This visit was a pleasant surprise! For the event they offered a vertical of their Foch wine. If you’re not familiar with this grape don’t worry, I wasn’t either. It turns out that when the winery first started in the mid 1990’s they decided to create a hybrid grape that would better suit the Niagara climate, especially since they were having a tough time getting other more well-known grapes to produce quality yields. Basically Malivoire pioneered a varietal made specifically for the Niagara region – cool!
Highlight: Definitely the 2005 Old Vines Foch. Mellow and slinky, but still retaining the red fruit and oaky characters. Plus, how often do you get to drink ten year old wine? Thanks Cuvée en Route!
I’d had Kacaba’s wines before this event but, for some reason, they’re never a stand out favourite for me when it comes to Niagara wines. This visit reminded me that I should pay this winery more attention. Located in a small building that looks more like a cottage than a winery, I had a great time hearing about the (surprisingly large) variety of wines they make there. It also doesn’t hurt that the Kacaba staff person who was helping us was so enthusiastic about the wine and let me talk his ear off with my questions about their techniques and barrelling choices.
Highlight: Oh my, their 2015 Sparkling Brut! Floral and fruity with lots of tiny bubbles and a gorgeous blush colour. Delicious!
Yet another example of the uniqueness of each winery in this region. I’m pretty sure the tasting room for this winery is run out of Sue-Ann Staff’s own house (!!) which gives everything a lovely, comfortable, homey vibe – the adorable dog hanging around out front didn’t hurt either. We had a great time chatting and tasting with both Sue-Ann herself.
Highlight: Their 2013 Sparkling Riesling was so interesting, with a brightness on the palate but also caramel, burnt sugar and toffee notes and I would guess come from the wine’s age.
A multi-building outfit, it’s sprawling but compact property made me think of the few California wineries I managed to get to last summer, with its wood and stone work. The tasting room was in a very cozy low-ceilinged room with wooden beams and soft lighting – exactly my kind of room. I kind of wish they had a big puffy chair and a fireplace for ultimate wine warmth.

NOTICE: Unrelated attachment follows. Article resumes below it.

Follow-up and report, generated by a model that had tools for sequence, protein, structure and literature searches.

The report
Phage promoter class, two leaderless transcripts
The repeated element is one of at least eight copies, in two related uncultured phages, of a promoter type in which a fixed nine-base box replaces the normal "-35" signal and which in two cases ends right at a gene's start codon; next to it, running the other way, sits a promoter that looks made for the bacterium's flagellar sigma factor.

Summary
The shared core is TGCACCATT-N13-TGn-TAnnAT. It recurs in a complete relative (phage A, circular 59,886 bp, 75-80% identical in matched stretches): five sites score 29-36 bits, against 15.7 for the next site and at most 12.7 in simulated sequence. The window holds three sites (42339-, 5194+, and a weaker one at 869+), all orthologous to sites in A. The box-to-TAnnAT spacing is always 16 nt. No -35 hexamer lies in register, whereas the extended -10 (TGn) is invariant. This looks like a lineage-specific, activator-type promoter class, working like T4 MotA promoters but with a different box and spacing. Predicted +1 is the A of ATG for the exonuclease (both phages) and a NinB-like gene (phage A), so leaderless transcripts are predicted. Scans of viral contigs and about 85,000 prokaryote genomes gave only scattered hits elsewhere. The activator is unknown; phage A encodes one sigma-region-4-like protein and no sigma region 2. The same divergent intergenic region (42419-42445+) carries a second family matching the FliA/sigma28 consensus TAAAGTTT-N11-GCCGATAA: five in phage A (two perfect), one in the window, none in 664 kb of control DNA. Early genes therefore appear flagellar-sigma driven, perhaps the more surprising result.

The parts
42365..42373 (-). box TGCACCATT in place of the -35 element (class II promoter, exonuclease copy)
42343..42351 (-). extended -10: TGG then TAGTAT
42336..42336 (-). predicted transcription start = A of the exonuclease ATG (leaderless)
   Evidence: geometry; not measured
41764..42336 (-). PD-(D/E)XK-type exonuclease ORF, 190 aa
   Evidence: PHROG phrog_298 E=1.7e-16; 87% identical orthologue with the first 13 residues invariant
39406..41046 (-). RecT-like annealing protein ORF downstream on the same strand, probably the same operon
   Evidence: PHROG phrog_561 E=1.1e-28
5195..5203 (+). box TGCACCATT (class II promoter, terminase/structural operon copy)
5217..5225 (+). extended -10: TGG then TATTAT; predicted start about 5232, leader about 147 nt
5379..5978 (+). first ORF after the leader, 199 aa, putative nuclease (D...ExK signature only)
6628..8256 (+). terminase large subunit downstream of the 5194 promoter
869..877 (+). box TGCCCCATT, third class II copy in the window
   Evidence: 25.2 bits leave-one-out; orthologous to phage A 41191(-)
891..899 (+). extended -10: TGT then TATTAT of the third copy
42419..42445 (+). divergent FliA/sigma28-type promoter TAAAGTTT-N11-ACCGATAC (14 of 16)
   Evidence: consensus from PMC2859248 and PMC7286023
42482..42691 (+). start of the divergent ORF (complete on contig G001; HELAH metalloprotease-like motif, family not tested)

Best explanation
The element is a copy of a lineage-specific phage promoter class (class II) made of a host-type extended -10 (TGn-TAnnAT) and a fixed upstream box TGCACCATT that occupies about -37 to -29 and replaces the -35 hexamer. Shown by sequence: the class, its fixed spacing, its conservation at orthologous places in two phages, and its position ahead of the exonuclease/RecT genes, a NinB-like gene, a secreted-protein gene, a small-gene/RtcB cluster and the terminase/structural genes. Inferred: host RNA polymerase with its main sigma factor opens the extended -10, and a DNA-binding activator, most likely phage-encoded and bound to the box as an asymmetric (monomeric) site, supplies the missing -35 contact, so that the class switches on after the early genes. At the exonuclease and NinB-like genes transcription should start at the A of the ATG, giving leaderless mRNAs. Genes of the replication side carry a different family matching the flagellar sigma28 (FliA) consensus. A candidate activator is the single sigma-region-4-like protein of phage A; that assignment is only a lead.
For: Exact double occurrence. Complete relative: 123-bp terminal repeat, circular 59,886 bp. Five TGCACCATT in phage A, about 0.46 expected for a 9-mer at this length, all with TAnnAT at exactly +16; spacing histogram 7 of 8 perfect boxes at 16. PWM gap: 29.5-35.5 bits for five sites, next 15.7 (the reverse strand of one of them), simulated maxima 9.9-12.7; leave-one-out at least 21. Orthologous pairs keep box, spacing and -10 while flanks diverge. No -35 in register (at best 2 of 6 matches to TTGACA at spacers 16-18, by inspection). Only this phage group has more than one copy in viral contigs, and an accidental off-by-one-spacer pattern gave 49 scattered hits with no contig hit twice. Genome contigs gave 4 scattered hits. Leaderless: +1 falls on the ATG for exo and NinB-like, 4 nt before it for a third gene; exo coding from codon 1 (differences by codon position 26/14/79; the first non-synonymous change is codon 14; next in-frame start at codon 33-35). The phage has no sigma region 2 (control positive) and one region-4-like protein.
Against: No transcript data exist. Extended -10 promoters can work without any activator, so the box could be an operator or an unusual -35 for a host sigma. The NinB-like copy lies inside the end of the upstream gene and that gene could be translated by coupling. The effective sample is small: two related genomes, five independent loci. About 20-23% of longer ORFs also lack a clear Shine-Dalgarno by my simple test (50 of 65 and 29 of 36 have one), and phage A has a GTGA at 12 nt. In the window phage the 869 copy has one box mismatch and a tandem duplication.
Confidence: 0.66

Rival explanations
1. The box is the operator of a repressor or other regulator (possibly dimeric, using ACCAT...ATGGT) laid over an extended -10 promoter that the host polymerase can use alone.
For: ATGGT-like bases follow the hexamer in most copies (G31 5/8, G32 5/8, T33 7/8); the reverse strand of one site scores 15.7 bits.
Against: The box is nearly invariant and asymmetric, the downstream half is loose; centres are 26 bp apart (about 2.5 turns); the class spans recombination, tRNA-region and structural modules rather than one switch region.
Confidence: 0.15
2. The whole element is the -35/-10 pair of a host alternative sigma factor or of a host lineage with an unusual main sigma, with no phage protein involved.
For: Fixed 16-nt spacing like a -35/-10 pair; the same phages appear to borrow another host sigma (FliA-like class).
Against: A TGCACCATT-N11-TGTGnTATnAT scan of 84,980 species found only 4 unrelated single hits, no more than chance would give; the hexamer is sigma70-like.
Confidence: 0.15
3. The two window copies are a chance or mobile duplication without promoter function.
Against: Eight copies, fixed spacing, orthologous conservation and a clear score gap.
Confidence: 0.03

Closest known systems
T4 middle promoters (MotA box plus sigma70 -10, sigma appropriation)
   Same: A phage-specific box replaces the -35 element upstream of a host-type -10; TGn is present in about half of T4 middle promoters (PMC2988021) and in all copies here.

Highlight: We tasted three Merlots – 1998, 1999 and 2000. The 2000 still tasted a bit bright and fruity and the 1998 tasted a little thin, like it was the beginning of the end for the wine’s life. THe 1999, however, was a perfect middle ground with both lively fruitiness and the mellowness I was hoping for.
Last but not least, we finished our day with a Cabernet Franc vertical at Peller. To be honest, at this point in the day both my brain and my tongue were getting a little tired so I don’t have as much to say about these wines. Our tasting took place in a stately wood-paneled room on the second story of their building. While their wines are always solid I do usually find myself wishing there was more personality in the Peller experience.
Highlight: Of the three years we tasted (2011, 2012, 2013) I liked the 2012 best. It had the expected red fruit and smoke on the nose but also had some cigar box character that I found really interesting. The flavour was similar with some spiciness giving it a solid backbone. Yum! I do love Nagara Cab Francs.
Notable omissions include Cave Spring, Fielding, and Organized Crime (which didn’t even take part in the event this year). Oh well. They’re some of my favourites – I’m sure I’ll be back. I also would have liked to have visited Strewn, Stratus and Peninsula Ridge, none of which I’ve been to before.